Moreover, “The Plan Monitor is not a public body and is not subject to (a) the State’s Open Meetings Act, Public Act 267 of 1976, as amended; (b) the State’s Freedom of Information Act, Public Act 442 of 1976, as amended; or (c) any similar law.”

Attorney James Spiotto, a municipal bankruptcy expert in Chicago, told the Detroit News it would be unprecedented in the nation’s handful of Chapter 9 cases to have the city remain under the court’s oversight for years to come. “It is not something that has been used for Chapter 9,” Spiotto said. “To make it fit within Chapter 9, it would have to be something the city is agreeable to—the City Council and the mayor—because they’re the ones who are going to have to live with it.”

The plan for a court-appointed monitor is only the latest step to impose what amounts to a financial dictatorship in the city that will continue long after the departure of Orr, whose term expires in the fall. Under the terms of the “Grand Bargain,” agreed to by the city worker unions, the state legislature approved a plan to install a nine-member “Financial Review Commission” with veto power over all labor and city contracts over $750,000 for 13 years after bankruptcy. Detroit Mayor Mike Duggan hailed the state funding deal with the oversight board.

Orr’s spokesman tried to deny that the monitor proposal was aimed at imposing another oversight body, which is answerable to no one but the banks. “What ultimately happens will be up to the judge to decide,” Bill Nowling said. “It’s not about governance or oversight of elected officials, but it’s about how can the court be reassured that the details and the fine points of the plan will be implemented to the satisfaction of the court.”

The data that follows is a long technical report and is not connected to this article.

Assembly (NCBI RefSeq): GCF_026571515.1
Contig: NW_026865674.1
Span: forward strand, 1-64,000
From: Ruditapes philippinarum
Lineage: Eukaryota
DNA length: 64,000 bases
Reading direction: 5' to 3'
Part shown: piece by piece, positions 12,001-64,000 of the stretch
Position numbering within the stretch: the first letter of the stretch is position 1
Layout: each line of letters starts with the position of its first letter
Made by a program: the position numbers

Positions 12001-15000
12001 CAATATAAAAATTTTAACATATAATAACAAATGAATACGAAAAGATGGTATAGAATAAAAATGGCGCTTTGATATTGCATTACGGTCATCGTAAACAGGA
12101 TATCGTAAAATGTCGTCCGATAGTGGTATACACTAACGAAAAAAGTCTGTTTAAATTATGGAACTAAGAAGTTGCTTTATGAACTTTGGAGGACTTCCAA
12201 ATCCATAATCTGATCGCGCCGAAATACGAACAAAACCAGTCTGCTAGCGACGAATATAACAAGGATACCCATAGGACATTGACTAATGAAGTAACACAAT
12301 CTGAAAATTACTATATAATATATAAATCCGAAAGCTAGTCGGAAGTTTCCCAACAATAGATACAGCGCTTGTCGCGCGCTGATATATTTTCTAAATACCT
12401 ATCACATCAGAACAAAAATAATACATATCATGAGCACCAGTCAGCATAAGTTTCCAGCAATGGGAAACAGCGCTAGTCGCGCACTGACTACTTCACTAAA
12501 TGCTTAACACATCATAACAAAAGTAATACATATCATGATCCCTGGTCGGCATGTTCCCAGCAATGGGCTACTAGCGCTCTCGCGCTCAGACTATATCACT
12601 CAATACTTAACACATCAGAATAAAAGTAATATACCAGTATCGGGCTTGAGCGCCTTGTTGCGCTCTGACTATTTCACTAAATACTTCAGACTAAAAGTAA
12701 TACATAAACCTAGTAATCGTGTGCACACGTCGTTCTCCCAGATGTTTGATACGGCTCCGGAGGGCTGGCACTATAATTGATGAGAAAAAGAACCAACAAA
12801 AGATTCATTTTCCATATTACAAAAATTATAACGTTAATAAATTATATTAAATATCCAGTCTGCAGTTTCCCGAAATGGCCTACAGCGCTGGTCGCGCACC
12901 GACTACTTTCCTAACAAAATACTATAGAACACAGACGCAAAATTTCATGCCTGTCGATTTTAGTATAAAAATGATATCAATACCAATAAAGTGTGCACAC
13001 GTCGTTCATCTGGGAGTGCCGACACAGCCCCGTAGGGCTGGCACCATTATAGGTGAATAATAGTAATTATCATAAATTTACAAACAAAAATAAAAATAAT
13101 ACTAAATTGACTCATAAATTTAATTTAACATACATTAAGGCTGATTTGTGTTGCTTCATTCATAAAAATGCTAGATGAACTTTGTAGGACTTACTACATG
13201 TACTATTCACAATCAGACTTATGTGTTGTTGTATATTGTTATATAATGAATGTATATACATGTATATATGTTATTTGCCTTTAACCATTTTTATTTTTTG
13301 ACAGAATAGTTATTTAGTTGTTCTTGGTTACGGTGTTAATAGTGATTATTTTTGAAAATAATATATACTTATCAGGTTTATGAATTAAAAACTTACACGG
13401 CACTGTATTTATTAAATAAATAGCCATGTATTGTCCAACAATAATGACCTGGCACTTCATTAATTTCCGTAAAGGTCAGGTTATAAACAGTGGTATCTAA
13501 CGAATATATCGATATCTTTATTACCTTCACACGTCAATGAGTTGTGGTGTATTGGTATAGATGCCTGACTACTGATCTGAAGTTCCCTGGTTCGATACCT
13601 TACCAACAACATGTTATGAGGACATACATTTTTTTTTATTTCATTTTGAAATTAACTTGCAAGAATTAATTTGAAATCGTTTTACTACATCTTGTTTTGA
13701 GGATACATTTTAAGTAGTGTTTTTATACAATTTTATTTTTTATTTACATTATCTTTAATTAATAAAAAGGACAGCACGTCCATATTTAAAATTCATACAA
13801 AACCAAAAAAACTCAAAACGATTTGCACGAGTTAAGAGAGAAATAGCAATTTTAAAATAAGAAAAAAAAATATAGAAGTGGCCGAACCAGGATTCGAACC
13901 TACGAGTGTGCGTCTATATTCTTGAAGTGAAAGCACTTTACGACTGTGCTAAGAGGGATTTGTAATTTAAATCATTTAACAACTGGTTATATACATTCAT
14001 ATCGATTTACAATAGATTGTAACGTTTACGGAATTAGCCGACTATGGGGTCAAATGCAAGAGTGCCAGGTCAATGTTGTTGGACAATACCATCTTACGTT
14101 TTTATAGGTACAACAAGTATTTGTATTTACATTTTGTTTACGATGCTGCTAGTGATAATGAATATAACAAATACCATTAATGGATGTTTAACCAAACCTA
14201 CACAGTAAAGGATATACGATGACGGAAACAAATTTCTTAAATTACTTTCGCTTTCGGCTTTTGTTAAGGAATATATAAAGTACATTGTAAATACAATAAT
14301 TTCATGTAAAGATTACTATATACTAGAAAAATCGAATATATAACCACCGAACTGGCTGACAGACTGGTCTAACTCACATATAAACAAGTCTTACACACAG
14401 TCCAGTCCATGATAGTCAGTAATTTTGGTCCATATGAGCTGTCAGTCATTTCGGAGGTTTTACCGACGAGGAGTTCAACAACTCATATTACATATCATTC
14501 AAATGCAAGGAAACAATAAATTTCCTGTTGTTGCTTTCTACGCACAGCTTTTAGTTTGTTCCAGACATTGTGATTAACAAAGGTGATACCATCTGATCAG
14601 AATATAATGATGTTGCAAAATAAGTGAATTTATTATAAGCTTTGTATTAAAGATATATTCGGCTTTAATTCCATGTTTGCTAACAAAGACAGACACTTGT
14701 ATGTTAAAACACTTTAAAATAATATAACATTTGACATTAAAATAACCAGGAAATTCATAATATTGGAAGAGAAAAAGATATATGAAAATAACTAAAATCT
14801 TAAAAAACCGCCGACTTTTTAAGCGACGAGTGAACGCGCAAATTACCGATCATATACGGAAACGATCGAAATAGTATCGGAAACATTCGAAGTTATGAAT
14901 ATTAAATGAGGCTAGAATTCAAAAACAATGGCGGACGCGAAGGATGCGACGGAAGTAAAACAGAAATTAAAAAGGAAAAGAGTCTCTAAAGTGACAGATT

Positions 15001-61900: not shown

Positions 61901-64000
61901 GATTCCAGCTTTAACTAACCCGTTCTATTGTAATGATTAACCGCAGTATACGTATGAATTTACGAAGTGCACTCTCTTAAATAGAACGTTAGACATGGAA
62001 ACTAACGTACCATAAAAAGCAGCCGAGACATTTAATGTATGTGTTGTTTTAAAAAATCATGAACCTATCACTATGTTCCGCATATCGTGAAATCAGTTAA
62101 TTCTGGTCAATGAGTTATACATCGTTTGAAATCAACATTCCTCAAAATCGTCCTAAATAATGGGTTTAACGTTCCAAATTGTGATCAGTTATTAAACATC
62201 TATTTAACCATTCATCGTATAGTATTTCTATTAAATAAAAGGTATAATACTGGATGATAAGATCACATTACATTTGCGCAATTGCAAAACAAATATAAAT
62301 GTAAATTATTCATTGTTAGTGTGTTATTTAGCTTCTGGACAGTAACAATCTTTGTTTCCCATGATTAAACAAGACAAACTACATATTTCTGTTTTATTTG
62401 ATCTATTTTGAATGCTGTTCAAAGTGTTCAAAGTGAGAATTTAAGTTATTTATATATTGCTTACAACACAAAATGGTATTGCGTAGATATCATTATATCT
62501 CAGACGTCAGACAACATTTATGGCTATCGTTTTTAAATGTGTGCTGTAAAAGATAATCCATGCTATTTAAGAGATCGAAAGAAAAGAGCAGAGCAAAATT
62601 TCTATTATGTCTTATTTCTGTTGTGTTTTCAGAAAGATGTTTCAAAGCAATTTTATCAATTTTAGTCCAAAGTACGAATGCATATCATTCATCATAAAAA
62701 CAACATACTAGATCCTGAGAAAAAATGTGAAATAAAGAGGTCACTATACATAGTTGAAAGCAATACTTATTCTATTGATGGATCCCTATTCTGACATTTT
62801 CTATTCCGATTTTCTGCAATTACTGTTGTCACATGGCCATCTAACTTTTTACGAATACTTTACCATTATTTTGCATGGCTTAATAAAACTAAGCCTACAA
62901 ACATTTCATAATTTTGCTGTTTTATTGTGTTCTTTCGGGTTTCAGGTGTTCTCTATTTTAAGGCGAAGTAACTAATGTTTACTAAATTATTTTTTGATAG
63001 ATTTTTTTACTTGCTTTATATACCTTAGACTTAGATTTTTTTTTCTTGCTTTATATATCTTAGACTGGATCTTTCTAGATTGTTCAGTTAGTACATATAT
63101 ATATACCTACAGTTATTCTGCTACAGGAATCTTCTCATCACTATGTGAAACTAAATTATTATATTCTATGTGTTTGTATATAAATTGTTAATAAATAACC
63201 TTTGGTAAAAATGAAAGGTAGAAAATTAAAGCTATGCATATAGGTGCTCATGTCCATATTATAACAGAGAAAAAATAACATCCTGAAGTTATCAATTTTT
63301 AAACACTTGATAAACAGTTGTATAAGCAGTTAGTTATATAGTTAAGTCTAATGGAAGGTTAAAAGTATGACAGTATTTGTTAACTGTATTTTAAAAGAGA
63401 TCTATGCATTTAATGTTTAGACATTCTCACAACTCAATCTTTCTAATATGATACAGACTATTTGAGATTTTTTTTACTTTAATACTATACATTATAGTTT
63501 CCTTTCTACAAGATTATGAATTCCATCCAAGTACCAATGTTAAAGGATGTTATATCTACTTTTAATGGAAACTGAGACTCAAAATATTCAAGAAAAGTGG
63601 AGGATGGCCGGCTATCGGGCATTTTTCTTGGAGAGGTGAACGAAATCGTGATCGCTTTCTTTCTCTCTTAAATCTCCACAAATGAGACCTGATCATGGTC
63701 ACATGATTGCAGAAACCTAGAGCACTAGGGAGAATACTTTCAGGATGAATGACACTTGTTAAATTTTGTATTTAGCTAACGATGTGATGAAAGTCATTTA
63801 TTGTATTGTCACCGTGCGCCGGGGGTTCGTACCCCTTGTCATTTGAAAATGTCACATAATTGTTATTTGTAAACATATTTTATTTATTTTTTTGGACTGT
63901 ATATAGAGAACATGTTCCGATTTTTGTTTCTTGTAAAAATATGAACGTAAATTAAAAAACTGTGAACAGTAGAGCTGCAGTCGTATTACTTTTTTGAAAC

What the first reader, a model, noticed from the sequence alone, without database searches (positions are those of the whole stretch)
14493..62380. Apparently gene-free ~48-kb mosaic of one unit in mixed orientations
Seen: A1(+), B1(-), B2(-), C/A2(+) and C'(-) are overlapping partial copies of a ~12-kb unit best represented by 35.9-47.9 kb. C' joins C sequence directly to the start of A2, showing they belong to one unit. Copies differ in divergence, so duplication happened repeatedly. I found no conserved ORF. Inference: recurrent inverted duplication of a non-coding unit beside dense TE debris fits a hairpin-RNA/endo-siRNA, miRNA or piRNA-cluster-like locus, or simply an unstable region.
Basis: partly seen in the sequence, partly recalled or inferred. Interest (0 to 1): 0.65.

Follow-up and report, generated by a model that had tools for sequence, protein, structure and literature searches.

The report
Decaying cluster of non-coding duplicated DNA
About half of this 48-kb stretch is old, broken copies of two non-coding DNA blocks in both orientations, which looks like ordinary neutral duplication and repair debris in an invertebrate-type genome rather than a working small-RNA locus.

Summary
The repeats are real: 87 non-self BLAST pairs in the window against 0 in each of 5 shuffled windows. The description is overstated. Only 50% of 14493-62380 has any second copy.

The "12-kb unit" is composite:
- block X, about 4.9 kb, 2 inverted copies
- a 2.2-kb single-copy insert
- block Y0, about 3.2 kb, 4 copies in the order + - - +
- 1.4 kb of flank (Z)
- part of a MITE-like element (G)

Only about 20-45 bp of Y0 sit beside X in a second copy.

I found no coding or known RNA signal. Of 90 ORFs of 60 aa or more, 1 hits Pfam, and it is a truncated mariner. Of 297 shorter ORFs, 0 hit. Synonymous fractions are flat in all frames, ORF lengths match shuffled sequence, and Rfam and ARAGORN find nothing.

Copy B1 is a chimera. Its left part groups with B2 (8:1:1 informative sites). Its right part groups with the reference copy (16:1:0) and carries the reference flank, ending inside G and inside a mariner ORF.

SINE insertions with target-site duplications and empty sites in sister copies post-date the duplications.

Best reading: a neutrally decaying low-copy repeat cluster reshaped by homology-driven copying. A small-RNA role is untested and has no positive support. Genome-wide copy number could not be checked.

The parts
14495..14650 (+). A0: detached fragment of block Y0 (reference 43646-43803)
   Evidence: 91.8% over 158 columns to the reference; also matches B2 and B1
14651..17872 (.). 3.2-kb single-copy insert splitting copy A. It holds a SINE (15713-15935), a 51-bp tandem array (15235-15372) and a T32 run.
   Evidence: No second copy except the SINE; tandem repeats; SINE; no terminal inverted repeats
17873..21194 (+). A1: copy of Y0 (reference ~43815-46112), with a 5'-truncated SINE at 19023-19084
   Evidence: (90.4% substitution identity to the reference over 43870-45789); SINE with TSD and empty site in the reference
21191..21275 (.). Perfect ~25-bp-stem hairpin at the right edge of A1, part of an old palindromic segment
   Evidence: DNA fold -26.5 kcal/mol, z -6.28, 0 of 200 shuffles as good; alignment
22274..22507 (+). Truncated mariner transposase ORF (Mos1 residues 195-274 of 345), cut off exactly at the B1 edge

The amending of the Plan of Adjustment further underscores the antidemocratic character of the bogus “vote” organized by the bankruptcy court over the last two months. Active and retired workers were lumped together with other “creditors” in the vote, while Orr, with the backing of the unions, threatened even more draconian pension and health care cuts if the city’s 32,000 current and retired workers rejected the deal. If the deal was rejected, Judge Rhodes had the power to unilaterally impose the plan through what is called a “cram-down.”

Even if the vote passed, as the present case shows, Orr had the power to redraft it and seek the court’s backing for more onerous terms. According to Jones Days attorneys, since no creditors have been “impaired” by the new proposal, it is unnecessary to hold another vote.

Last week, Orr announced that the Plan of Adjustment had passed overwhelmingly with 82 percent of firefighters and police backing it, and 73 percent of general retirees. While this has been hailed as a ringing endorsement of the austerity plan, in reality, city workers largely boycotted the vote, with more than half refusing to vote or spoiling their ballots and only 38 percent of eligible voters among active and retired workers approving it.